The distance between the creature and myself could have been no more than 15 to 20 feet as it started to cross to my side of the desert. I lit her up with my small shotgun shell LED torch and seconds later a car came up and stopped. All three participants in this little tableau froze.

After a frozen second or two, the deer turned and disappeared into the darkness and the car reversed a little; looking for the animal presumably and then both the vehicle and I moved on. The doe was nowhere to be seen so she obviously changed her mind about crossing the suddenly crowded road.

Desert Road

No other living wild thing was seen until reaching the desert community where I am currently staying. Three streets away from “home,” I saw a streak of yellow shoot across the road with a burst of speed that would have turned Speedy Gonzalez green with envy.

Despite this lightening-like dash into the desert, the small creature was slow enough that a few details stood out. Its color, for one thing, and that it was covered in fur another. It had a small head so the first thing I thought was, “Weasel?”

This was immediately followed by, “What the hell does a weasel look like?” I honestly could not remember. For all I knew, that could have been a baby coyote or some other small creature. It seemed to be around 18 to 20 inches long…maybe. One thing for certain, at night all creatures look bigger, in the desert, in the dark.

Nearing the RV while pondering the recent animals sighted around the local area I thought of how tickled I’d been in England when I spied a hedgehog (my favorite small wild creature) or a wild fox. When driving for the East Anglian Times back in the 1990s there were a huge group of foxes that ran around Colchester Park on the Essex paper run. Sadly there were always a few dead ones on the side of the road, the price paid by the group for getting too close to civilization.

Hedgehogs were also seen quite a lot and not just on the Essex run. One foggy morning, around 0200, while unloading bundles of papers at a newsagents, a packet of crisps (potato chips) was spotted floating above the ground by three or four inches.

This odd sight was not caused by wind and the packet did not appear to be blown by anything. Instead, it was jerking forward and then backward before floating forward again. The chap who was teaching me the Felixstowe run reached down and snatched at the floating crisp packet. A baby hedgehog came flying along with the plastic bag. The little creature had gotten its head stuck in the thing and was walking along while trying to dislodge it.

I was thinking of both these separate incidents and briefly remembered that one thing that was not an issue in the United Kingdom was rabies. Mainly due to the country’s strict quarantine laws there has not been an outbreak for what seems a millennia. The second I had this thought, about rabies, I broke out in goose flesh.

What in the hell was I doing marching along after dark in a country where rabies was not banished from memory? What if that streaking yellow thing had been heading towards me and not across the road in front of me? Could I have reacted in time to keep a rabid animal from nom-nomming on part of my body?

Rabid rabbit image...

Having been to the ER (emergency room) and then later the hospital for a heart attack, with the end result being two emergency surgeries, I’ve had injections in my stomach. I can personally attest to the fact that these are not fun, but better than the alternative. The fact that rabies used to be treated by receiving a shed-load of injections in the navel means the shots must be pure agony.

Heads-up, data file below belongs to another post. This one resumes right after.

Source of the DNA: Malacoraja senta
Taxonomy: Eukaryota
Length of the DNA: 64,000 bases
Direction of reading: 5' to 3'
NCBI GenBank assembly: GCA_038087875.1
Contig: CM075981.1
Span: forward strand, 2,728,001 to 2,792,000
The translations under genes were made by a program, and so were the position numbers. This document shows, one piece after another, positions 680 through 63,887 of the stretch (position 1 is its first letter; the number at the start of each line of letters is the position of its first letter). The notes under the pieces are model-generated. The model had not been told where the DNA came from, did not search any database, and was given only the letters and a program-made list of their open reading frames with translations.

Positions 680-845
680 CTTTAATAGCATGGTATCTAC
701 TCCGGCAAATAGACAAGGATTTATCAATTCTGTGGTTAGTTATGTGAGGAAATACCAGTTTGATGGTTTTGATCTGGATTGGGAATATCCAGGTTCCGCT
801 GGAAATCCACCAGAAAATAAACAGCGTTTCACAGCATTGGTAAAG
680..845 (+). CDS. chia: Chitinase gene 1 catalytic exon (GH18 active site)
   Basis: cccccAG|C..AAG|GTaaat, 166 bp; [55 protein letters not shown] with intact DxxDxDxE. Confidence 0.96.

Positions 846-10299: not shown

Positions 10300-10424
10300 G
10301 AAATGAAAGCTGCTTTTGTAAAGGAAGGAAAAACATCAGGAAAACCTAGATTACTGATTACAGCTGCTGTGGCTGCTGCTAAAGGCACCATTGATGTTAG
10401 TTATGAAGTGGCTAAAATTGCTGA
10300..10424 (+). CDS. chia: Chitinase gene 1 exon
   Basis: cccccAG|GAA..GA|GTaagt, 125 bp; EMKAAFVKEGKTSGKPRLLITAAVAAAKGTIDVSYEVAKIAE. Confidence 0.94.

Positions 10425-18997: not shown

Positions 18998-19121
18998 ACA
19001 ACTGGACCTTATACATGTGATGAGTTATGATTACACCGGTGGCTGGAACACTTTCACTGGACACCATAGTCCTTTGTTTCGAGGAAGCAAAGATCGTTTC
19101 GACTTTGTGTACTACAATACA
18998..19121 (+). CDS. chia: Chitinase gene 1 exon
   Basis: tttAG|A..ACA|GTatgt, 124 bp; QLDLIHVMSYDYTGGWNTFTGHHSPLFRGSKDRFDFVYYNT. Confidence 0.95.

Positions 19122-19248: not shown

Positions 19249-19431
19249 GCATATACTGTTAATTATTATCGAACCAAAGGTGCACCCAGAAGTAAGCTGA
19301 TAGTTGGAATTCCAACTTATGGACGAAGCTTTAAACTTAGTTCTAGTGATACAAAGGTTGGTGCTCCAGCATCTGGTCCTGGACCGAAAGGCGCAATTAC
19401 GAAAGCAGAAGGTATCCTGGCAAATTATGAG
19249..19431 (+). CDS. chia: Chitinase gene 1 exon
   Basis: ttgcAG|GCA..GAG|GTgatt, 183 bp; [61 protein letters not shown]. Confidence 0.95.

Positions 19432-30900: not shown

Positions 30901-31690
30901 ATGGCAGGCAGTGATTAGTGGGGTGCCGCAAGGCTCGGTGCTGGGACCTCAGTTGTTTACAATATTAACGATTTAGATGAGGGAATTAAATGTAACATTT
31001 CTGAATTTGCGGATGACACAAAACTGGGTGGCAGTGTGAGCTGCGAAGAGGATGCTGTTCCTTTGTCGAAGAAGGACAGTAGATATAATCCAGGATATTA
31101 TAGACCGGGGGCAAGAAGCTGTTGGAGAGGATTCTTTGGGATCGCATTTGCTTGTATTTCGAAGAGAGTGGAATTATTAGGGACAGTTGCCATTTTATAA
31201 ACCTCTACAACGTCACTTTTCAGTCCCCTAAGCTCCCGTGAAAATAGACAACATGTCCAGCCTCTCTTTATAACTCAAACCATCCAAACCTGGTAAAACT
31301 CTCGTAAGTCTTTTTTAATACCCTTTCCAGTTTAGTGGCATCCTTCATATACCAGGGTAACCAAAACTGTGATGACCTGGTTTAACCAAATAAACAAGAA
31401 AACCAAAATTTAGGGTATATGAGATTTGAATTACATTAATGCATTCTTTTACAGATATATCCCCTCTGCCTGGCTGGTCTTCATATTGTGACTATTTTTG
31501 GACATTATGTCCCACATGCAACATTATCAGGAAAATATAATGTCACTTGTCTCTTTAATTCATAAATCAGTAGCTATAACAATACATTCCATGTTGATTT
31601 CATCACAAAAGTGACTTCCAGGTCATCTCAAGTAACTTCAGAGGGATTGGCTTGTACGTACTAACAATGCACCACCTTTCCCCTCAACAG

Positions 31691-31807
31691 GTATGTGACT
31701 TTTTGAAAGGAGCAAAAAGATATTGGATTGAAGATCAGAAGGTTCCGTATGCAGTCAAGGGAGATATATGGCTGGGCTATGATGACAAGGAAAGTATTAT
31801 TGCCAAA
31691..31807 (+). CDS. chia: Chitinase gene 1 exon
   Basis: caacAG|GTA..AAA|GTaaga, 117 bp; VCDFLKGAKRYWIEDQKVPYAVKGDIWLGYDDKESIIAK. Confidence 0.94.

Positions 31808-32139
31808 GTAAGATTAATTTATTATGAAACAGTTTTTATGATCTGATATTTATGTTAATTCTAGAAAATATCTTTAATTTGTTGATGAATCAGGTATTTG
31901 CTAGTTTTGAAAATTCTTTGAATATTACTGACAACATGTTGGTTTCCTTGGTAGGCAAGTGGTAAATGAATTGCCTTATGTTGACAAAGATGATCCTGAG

As I’ve mentioned before, the stars in the desert seem to be just out of arms reach. The dark desert sky is full of these celestial sparks of memory. The desert itself is  full of animals that, despite the profusion of people who have flocked to the desert for the season, call this area home. Living abroad for so long, and in a country where there are more people than open spaces, helped me to forget that America is full of wild areas where civilization is just an illusion waiting to be shattered.

22 January 2015

Remembering a Year Ago Today

3319809-coffee-and-cigarettes-isolated-on-white

My body remembered, even if I did not. While setting up my calendar for appointments next week, I forgot to set the calendar back that resides on the front of my fridge. Being naturally scatty sometimes (Sometimes? I hear you cry. Only sometimes?) I glanced at it on Thursday and decided that today, Friday, was the 27th.

I decided to do yet another blog post on my 30 August experience on the actual day. I even had a title for it. Anatomy of a Heart Attack. Catchy, no?

But even though my conscious mind had made the anniversary date two days in the future, my body did not. I actually called it an early-ish night. Stopping at around 03:30 in the morning. I finished up some projects that I was “multi-tasking,” or attempting to. I shut everything down; locked the downstairs windows; double-checked the doors and took myself, the iPad and the fan upstairs.

After checking all the windows upstairs, I then went to bed.

I was tired.  I had walked over five miles yesterday at varying paces and had written five articles. Feeling both body and brain tired, I started that pleasant drifting off feeling that usually preempts my entry into the land of Nod.

Suddenly, at around 05;45,  my stomach decided to swell and cramp with a combination of indigestion and gas. The end result was up and down to the bathroom the remainder of the early hours of the morning. I finally gave up trying to sleep and went downstairs. Turning on both laptops, I then went to make a coffee and start writing.

After the coffee had been sorted, I sat in front of my MacBookPro and signed in. The first thing I noticed was the date: 30 August 2013.